January 7, 2011

Ben Affleck Is Finally Watchable

I've been hating Ben Affleck for a very long time.

Since Matt Damon and Ben Affleck made a loud breakthrough with Good Will Hunting, I started following both their careers with great interest. Matt soon became one of my favorite actors in Hollywood, I love most of his work (his Tom Ripley is one of the best acting performances I've ever seen) and always glad to see his movies.

Ben was a different matter. I wanted to like him but couldn't. I've seen about twenty of his movies, no less. He just walked through them with almost the same performance. It didn't really matter what movie genre it was or what his character was supposed to be, he couldn't property act out anything at all. To me he appeared a robot incapable of displaying any complex emotions.

I kid you not when I say that for a very long time already, while watching another movie with Mr. Affleck and realizing he is not doing anything new, I was trying to find something else to look at when camera was focused on him. My eyes could easily spot something more interesting to look at than his lifeless face.

The Town changed it all. I knew that movie is good before actually seeing it, but I was afraid that Ben Affleck is going to ruin it for me again, seeing as he was the lead actor. To my biggest surprise, Affleck actually acts in this movie. This is the first time I enjoyed his performance in about fourteen years, and I enjoyed it to great extent. It's really cool to start a new year with such a pleasant surprise. As a director though he is not very special (The Town was directed by Ben Affleck). The movie is filled with very tight close-ups, I was a bit annoyed with everyone having the top of the head almost always cut off.

I'll be sure to check Ben in the nearest future, hoping he will not return to his robot ways.

January 6, 2011

TellTales at Its Worst

I was a big fan of everything TellTale Games and praised the company. All that changed after I played CSI: Hard Evidence on Xbox 360 (yeah, it's not new, but I got it on sale just a week ago). Not only the game itself is much worse than the first two titles in the series (made by 369 Interactive, the developer who managed to capture the essence of the show, in my opinion, unlike TellTale), but, after glancing at the possible achievements, you can realize how little effort the developers put into it.

There is a total of five achievements in Hard Evidence for Xbox 360, and it's exactly the amount of chapters/cases in the game. You complete a chapter, you get the corresponding achievement. This could have been OK if the game offered a completely "on rails" experience. It doesn't as there are a few things you can do different on your playthrough.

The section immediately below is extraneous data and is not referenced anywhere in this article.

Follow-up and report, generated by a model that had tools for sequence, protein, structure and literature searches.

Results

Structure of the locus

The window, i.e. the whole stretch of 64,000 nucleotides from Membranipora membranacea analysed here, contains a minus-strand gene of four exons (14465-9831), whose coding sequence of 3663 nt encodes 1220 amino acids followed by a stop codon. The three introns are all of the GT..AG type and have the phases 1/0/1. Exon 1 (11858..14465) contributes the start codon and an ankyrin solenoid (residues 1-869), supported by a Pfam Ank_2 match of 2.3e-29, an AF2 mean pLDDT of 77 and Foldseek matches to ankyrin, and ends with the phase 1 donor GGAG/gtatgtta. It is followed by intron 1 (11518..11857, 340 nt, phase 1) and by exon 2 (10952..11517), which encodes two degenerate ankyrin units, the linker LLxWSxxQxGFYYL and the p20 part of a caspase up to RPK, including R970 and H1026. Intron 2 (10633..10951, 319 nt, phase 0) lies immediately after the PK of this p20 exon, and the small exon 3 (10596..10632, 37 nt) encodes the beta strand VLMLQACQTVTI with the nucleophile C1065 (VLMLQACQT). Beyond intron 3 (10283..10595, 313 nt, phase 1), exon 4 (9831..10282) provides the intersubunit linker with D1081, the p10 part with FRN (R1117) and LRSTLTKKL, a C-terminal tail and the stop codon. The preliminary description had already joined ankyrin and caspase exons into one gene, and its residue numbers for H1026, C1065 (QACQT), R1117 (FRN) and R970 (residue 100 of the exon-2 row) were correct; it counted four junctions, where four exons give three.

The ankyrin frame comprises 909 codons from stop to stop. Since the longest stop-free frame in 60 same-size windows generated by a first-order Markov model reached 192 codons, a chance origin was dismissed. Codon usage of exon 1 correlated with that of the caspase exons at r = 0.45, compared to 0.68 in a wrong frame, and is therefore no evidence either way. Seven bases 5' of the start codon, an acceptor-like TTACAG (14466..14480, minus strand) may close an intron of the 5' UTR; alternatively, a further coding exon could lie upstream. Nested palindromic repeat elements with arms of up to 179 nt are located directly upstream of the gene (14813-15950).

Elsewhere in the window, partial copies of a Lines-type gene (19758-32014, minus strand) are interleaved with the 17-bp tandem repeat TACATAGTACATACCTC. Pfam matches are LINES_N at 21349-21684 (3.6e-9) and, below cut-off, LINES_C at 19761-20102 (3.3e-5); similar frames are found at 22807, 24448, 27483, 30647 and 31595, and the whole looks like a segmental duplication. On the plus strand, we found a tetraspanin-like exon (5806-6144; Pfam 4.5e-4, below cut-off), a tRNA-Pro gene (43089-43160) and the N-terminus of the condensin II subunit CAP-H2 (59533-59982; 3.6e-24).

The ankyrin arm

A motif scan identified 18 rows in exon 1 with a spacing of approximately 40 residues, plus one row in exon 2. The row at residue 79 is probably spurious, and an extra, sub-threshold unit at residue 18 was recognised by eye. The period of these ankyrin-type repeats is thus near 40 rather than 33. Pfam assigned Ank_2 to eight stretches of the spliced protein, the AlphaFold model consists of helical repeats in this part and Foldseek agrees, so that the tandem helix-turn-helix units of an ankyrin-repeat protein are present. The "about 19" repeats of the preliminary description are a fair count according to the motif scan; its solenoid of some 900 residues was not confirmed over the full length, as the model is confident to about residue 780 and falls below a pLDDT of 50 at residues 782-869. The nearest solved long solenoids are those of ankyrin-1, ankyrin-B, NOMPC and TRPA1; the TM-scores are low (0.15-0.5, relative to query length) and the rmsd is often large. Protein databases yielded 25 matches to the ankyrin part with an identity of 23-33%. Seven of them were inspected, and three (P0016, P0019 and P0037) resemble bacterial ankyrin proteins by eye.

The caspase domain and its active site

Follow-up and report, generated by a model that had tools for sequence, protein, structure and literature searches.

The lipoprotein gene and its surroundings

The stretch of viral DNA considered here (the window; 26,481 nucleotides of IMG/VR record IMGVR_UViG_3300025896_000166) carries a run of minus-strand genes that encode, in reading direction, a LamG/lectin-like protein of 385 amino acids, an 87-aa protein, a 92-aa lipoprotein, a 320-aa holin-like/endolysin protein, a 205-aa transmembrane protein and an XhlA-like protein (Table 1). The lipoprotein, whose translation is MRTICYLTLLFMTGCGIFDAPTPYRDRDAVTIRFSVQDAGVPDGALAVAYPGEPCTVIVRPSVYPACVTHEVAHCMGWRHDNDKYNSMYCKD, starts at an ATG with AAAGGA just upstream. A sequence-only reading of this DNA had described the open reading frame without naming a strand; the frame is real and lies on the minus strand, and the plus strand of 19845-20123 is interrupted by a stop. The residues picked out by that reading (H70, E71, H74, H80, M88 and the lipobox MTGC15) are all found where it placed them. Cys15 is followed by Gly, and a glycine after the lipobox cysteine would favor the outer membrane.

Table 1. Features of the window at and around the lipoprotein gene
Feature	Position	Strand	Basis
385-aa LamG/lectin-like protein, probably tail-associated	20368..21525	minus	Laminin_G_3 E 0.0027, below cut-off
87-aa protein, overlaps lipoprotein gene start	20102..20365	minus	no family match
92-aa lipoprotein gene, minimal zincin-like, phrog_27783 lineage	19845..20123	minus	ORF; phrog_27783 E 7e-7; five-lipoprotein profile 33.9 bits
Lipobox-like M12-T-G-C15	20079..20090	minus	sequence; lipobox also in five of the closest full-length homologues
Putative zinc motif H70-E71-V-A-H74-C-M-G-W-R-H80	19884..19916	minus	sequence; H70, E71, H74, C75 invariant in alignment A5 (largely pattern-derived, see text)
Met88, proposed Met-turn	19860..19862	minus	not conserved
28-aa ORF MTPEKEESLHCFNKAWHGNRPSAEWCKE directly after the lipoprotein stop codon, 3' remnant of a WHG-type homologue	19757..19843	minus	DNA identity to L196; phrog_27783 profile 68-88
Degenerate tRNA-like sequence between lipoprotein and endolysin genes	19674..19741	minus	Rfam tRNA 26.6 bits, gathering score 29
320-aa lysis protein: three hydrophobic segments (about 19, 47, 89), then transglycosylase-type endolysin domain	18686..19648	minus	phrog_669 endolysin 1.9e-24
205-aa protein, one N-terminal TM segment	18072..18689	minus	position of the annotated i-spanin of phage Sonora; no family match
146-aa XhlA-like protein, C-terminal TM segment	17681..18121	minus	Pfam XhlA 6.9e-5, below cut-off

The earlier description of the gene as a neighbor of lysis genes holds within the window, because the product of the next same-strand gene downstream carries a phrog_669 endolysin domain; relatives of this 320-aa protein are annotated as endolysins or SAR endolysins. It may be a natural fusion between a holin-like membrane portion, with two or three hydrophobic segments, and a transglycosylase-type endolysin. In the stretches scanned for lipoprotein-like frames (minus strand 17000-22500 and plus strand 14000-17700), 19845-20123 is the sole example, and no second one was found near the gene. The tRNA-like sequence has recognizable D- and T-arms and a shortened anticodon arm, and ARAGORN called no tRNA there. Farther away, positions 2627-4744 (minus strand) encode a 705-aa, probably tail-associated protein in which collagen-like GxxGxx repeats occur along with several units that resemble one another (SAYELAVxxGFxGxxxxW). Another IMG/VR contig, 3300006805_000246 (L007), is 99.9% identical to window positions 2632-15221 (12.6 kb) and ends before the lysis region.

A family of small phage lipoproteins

First of all, after solving each case you get an evaluation which can differ depending on what evidence you collected and analyzed. There is a grading involved and it's the ideal possibility to put in several achievements, one for each grade for a specific case. Not only that, you also get to collect bugs for Grissom's collection, this is totally unrelated to the case, but could have been, like, a ground for the most common achievement  type in the history of Xbox 360 - collectibles. Finally, there are thoroughness points, these are given for being subtle and examining everything around the locations you visit, even if it's not directly related to the case.

I am really surprised and enraged at TellTales now. I would have understood the poor achievements situation if the Xbox 360 version was a port made by a different company, but it isn't the case. The only thing redeeming TellTale in my eyes is that the problem got fixed in the following CSI games (I have yet to play those, but I checked the achievement lists).

Still, achievements or not, those CSI games developed by TellTale (and I have only played 3 Dimensions of Murder and Hard Evidence) are the worst games in their vast catalogue. Everything else they produced is so much more fun, witty and original (even if it's based on someone else's property), even the tiny little thing called Poker Night at the Inventory. TellTales' CSI products are not only completely simple and dull, they also don't have the soul of the TV series in them. For instance, the final chapter/case resembles more an episode of some long-winded Mexican soap opera than anything shown on the CSI show. All this unlike the games by 369 Interactive. Sadly, that company, or more precise a division of Radical Entertainment, seized to exist after the Vivendi acquisition.